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Wow, that's a good story. I've been looking for something like this. This was Hull #1.

Throughout this thread in the link, the Captain describes what went wrong.



Lifting Keel Yachts - Page 2 - SailNet Community
I am sure it has been resolved on other hulls but it makes you wonder where else a flawed design philosophy has been used on the boat.

However, I think some build merger has just happened between Hake yachts and another boat builder(sorry can't remember name) so may be we could expect better things.

I do like the aesthetics of the Seaward 46k but I think the internal layout would be better set similar to the Garcia 45 with the nav station forward so that it can take better advantage of the saloon windows for more people.
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Old 01-05-2015, 05:46   #328
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Re: The criteria of "blue"

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I do like the aesthetics of the Seaward 46k but I think the internal layout would be better set similar to the Garcia 45 with the nav station forward so that it can take better advantage of the saloon windows for more people.
Well, hope you don't plan on laying out any paper charts at the "Nav Station", as it currently exists :-)







Face it, a 46-footer with twin engines is a powerboat... I think that helm seat says it all, about how it will be 'driven' most of the time...

:-)


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Old 01-05-2015, 07:13   #329
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Re: The criteria of "blue"

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Well, hope you don't plan on laying out any paper charts at the "Nav Station", as it currently exists :-)







Face it, a 46-footer with twin engines is a powerboat... I think that helm seat says it all, about how it will be 'driven' most of the time...

:-)


I do agree that it is a boat that is not sure of its identity or function. I think this size has gone beyond the capability of this Hake chap. Maybe in the hands of a bigger company with greater resources it can be reborn and sorted out. I think this boat would look great with a round end at the stern but that compromises its usage as a shoal cruiser.

I don't like builders that are also designers. They tend to paint over their own problems. Very bad mix.

P.s That port nav station is pathetic and the owners reported that that area is an accident zone.

Some one mentioned that Bob Perry said that skegs end up being supported by rudders. This looks like a prime example of that because there was not much engineering going on where skeg met hull. Disgrace really. Cassettes sound like a neat idea but the concept is to novel to be developed by such a small company.

I don't think the helm seat makes much difference. It probably was not included in the original design and became an after thought to give back some visibility while helming and sitting down. I think the principle issue was as you mentioned.. #1 fuel vents(Even position was not the ultimate culprit but having "no" U bend at all. #2 Badly engineered steering interfaces.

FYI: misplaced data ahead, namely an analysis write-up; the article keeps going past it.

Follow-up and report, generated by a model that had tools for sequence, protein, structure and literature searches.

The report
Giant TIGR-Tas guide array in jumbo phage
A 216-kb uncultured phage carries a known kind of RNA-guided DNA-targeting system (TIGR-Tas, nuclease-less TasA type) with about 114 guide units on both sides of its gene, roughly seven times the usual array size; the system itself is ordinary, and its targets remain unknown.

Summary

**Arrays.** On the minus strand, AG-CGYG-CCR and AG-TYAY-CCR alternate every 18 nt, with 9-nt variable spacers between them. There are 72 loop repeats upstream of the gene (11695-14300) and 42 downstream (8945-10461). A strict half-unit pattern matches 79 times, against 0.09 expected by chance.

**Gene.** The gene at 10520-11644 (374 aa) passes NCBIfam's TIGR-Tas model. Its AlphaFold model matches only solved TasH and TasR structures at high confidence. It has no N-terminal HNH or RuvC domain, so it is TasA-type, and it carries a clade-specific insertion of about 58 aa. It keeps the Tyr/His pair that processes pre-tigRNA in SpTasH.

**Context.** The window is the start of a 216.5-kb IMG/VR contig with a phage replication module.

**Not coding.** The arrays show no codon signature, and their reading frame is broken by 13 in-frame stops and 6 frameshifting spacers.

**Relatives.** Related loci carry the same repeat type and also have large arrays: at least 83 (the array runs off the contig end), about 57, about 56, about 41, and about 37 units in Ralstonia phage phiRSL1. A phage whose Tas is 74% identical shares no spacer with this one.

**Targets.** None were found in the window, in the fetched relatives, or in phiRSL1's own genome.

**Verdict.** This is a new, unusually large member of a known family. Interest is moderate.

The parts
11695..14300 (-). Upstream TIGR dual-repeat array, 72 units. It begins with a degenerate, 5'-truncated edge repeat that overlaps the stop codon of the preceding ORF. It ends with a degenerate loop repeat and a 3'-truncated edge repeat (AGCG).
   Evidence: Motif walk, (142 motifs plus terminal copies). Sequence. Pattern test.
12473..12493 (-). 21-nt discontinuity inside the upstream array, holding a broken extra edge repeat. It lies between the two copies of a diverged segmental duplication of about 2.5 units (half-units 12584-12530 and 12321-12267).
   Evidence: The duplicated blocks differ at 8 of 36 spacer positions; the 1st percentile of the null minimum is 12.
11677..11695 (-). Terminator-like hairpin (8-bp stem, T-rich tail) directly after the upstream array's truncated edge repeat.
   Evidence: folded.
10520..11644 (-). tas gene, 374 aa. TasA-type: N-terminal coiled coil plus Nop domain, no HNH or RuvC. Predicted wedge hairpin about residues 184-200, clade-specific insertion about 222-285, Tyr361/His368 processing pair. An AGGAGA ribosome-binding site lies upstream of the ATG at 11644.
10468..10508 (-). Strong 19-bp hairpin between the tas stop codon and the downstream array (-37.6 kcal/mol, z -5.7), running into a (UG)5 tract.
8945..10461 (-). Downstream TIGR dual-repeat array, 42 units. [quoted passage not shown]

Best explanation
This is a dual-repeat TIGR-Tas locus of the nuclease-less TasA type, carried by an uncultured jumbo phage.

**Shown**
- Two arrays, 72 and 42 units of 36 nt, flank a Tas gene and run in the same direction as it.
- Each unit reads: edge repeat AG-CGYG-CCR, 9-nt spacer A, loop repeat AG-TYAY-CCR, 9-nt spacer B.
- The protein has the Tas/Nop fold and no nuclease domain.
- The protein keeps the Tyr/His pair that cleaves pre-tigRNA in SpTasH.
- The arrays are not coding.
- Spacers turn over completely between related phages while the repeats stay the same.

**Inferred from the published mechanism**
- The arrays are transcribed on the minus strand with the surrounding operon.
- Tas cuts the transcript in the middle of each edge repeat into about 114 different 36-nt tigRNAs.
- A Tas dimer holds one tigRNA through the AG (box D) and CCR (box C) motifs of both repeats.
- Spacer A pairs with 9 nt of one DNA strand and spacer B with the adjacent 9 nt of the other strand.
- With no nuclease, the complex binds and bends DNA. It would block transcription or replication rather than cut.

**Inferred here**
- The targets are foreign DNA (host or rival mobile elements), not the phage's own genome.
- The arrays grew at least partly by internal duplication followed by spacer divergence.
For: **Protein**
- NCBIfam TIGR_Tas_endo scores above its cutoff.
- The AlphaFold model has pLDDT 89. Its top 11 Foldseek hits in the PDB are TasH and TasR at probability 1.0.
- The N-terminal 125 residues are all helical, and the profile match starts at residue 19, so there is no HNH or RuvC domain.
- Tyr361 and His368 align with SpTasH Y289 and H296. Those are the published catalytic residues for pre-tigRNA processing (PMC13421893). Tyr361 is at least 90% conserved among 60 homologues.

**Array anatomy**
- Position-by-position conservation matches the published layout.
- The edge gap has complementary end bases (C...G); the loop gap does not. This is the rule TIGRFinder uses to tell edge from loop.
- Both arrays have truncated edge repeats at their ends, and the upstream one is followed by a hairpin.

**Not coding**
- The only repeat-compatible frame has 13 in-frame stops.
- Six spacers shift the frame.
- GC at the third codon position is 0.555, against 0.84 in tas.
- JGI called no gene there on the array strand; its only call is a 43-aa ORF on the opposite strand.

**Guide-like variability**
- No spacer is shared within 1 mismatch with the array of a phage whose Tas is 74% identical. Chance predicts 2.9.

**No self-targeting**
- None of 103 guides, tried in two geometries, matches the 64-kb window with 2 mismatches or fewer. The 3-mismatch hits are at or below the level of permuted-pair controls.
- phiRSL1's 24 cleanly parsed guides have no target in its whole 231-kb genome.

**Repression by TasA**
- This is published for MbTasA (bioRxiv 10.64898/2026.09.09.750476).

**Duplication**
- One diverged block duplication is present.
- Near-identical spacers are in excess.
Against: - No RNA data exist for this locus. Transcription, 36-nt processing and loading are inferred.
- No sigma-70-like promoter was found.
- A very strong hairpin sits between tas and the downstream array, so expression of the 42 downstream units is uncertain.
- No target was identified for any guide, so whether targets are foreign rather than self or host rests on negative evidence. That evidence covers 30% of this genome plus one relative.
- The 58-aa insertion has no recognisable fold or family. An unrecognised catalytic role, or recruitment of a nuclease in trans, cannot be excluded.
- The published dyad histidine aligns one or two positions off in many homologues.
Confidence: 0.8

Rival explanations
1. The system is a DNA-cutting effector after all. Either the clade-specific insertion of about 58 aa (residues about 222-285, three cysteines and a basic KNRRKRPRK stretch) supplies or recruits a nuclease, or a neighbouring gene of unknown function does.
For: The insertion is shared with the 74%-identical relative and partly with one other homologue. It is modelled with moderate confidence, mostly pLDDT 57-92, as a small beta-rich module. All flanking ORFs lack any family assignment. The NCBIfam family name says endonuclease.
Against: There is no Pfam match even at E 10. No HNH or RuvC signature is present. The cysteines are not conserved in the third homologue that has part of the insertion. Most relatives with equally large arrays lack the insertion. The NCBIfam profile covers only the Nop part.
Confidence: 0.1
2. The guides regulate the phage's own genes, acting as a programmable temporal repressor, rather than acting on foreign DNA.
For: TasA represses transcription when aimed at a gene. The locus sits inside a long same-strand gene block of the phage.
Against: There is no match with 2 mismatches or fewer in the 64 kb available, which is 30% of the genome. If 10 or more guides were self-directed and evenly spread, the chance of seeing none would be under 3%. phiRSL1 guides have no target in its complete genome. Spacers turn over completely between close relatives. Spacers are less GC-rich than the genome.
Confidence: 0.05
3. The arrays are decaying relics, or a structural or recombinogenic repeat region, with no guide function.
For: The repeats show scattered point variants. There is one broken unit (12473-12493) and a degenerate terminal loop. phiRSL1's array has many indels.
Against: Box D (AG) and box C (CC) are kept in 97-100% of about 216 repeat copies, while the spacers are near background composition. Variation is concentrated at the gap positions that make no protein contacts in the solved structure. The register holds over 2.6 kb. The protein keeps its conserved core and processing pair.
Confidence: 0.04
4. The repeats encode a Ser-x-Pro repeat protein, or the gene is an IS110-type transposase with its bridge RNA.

The two engines offer redundancy and should not be expected to provide manoeuvrability as well though - That's a bit unfair. Probably with time many other problems would have shown themselves also.

If the first 3rd of the boat can submarine in heavy seas I also would cast doubt as the merit of the design holistically. Even the build quality seems suspect with leaks reported in most deck hatches.

Not being able to control the keel manually also seems a horror story waiting to happen as well.

Needs a complete rethink but I do think it looks sexy. My last wife was sexy but crap at everything else as well. We are suckers for good looks.

Unfortunately the couple who bought it purchased a prototype. It was not really #1 of a production line.
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Old 01-05-2015, 07:28   #330
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Re: The criteria of "blue"

About the Seaward 46RK being discussed above.

I am glad Jon made his sharp observations.

The inside helm station on that boat is unusual (see the interior shots to see why), and that nav station (shown in the photos above) looks to me like the goal was to accomplish two things:

1. "include a nav station because there is no way to use a chart at the inside helm"
2. "include a second captains chair for the admiral."

To me, both appear to be compromised. While I would LIKE an inside helm station and would LIKE a nice nav station too, I would prefer them together.

Looking at the Seaward "nav station" makes me think that space would be better served (more practical) by putting a clothes washer (washing machine) or a large freezer (or ice machine for those who like to have a cold one). It is on the same side as the galley and close to the galley, as I recall the plan.

But, then where would the Admiral sit?